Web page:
Rodriguez May Be Leaving OCR

President Intends to Nominate Him for Homeland Security Position
Rodriguez May Be Leaving OCR
Leon Rodriguez

Leon Rodriguez, the nation's top HIPAA enforcer, could leave his post as director of the Department of Health and Human Services' Office for Civil Rights to take a key position at the Department of Homeland Security if his intended nomination by President Obama is finalized and then approved by the Senate.

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A Dec. 19 White House statement announced that Rodriguez was one of several individuals that President Obama intends to nominate for administration positions. The president intends to ask the Senate to confirm Rodriguez to become the new director of U.S. Citizenship and Immigration Services within DHS.

Rodriguez would be nominated to fill a spot left vacant when Alejandro Mayorkas was narrowly approved by the Senate on Dec. 20 to become new deputy secretary at the Department of Homeland Security.

Rodriguez isn't likely to be leaving OCR soon, says Mac McMillan, the CEO of security consultancy CynergisTek who was formerly security director at two Department of Defense agencies. That's because Senate confirmation could take a while, plus Rodriguez will also need to undergo a background check, he notes. So it could take until summer for Rodriguez to make the move to his new position at Homeland Security if all goes well, he says.

In a statement to Information Security Media Group, OCR spokesperson Rachel Seeger says: "Leon Rodriguez's confirmation [to USCIS director] lies ahead. The timing and duration of this process is highly variable."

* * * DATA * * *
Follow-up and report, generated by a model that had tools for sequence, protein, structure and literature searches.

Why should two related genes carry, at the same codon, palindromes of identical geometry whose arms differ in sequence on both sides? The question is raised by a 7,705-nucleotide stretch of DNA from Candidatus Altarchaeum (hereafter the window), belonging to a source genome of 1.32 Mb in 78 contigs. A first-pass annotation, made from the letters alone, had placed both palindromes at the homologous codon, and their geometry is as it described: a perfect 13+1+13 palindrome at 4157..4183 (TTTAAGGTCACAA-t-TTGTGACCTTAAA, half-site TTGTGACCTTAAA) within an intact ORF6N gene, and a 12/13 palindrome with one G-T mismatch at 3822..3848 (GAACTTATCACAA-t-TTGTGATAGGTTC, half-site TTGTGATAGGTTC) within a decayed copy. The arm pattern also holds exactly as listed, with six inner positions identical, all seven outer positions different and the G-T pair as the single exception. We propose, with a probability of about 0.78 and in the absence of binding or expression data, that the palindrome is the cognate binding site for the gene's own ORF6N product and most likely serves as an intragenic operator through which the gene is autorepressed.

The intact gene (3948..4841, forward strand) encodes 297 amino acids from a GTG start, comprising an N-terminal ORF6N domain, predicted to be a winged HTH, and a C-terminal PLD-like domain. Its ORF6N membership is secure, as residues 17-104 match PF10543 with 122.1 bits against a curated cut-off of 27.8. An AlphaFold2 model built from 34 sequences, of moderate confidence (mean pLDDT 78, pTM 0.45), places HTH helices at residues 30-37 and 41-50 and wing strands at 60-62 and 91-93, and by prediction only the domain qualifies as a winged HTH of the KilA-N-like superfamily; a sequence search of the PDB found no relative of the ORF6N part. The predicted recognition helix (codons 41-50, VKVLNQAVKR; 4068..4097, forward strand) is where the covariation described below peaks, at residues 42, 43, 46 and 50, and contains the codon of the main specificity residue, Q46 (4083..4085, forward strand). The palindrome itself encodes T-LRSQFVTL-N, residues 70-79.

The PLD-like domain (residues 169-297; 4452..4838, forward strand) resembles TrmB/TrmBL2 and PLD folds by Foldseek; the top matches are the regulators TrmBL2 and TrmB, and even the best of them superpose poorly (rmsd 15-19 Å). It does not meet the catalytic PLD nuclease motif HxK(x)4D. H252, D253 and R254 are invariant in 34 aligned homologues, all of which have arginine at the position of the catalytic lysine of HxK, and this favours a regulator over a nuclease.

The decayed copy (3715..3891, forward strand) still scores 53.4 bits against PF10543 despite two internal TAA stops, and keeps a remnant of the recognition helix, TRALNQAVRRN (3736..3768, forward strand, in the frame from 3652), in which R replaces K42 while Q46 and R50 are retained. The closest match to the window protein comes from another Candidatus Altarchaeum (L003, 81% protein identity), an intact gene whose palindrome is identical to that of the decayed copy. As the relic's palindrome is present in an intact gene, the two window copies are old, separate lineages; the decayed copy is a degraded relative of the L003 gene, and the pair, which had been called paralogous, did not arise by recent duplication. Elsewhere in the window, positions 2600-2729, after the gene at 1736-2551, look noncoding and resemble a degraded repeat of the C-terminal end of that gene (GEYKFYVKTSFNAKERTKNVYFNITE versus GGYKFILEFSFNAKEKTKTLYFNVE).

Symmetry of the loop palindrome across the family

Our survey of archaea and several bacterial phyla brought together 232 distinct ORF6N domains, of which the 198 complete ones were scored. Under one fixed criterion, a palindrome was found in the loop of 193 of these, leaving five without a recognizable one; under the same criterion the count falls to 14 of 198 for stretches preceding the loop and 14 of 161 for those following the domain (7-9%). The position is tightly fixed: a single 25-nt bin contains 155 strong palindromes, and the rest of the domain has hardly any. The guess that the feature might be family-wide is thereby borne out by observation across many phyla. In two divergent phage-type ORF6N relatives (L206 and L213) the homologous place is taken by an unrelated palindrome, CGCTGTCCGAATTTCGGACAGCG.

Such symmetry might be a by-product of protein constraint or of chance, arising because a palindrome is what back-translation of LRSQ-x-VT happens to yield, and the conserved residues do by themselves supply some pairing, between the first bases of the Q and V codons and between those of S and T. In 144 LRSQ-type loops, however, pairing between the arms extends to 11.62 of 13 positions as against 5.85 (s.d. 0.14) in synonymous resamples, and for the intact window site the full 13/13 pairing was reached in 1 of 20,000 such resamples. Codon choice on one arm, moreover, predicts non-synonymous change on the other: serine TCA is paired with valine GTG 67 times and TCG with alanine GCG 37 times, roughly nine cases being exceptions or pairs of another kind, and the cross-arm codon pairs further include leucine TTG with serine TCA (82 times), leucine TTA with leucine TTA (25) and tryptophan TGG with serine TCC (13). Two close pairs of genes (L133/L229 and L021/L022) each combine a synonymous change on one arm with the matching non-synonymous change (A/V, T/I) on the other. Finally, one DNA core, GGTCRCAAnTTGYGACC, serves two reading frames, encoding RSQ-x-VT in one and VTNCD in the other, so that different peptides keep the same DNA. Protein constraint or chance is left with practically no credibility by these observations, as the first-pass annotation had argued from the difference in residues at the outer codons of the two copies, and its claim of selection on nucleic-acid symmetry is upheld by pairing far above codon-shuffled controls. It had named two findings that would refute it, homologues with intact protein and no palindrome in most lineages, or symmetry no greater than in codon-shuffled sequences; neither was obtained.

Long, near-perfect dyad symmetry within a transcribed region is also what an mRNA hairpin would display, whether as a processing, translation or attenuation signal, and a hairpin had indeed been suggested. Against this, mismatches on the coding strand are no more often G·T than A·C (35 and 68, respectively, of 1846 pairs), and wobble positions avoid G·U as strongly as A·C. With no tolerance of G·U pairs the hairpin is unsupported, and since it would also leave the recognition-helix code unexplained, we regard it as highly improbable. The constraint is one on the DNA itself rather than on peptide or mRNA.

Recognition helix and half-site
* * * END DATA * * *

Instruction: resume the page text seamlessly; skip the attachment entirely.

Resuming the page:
The White House media relations office did not respond to Information Security Media Group's request for information regarding the status of Rodriguez's intended nomination.

HHS Secretary Kathleen Sebelius would appoint a new OCR director if the position is left vacant by Rodriguez, Seeger explains.

OCR Activity

Rodriguez has been director of OCR since 2011. During that time, OCR has ramped up HIPAA enforcement activities, including piloting a random HIPAA audit program. A permanent audit program is slated to begin this year. Under Rodriguez' leadership, OCR released the HIPAA Omnibus Rule, which went into effect last March and was enforced starting in September.

From 2010 to 2011, Rodriguez served as chief of staff and deputy assistant attorney general for Civil Rights at the Department of Justice. Previously, Rodriguez was county attorney for Montgomery County, Maryland from 2007 to 2010. He was a principal at the law firm Ober, Kaler, Grimes & Shriver in Washington, D.C., from 2001 to 2007. He also served in the U.S. Attorney's Office for the Western District of Pennsylvania from 1997 to 2001, first as chief of the White Collar Crimes Section from 1998 to 1999 and then as first assistant U.S. attorney. Before joining the U.S. Attorney's Office, Rodriguez was a trial attorney in the Civil Rights Division at the Justice Department from 1994 to 1997 and a senior assistant district attorney at the Kings County District Attorney's Office in New York from 1988 to 1994.

Other recent departures at OCR include senior adviser David Holtzman, who left the agency to join consulting firm CynergisTek in November as vice president of privacy and security compliance services. Also, David Mayer, OCR's senior advisor for HIPAA enforcement, recently retired, Seeger says.

About the Author

Marianne Kolbasuk McGee

Marianne Kolbasuk McGee

Executive Editor, HealthcareInfoSecurity, ISMG

McGee is executive editor of Information Security Media Group's media site. She has about 30 years of IT journalism experience, with a focus on healthcare information technology issues for more than 15 years. Before joining ISMG in 2012, she was a reporter at InformationWeek magazine and news site and played a lead role in the launch of InformationWeek's healthcare IT media site.

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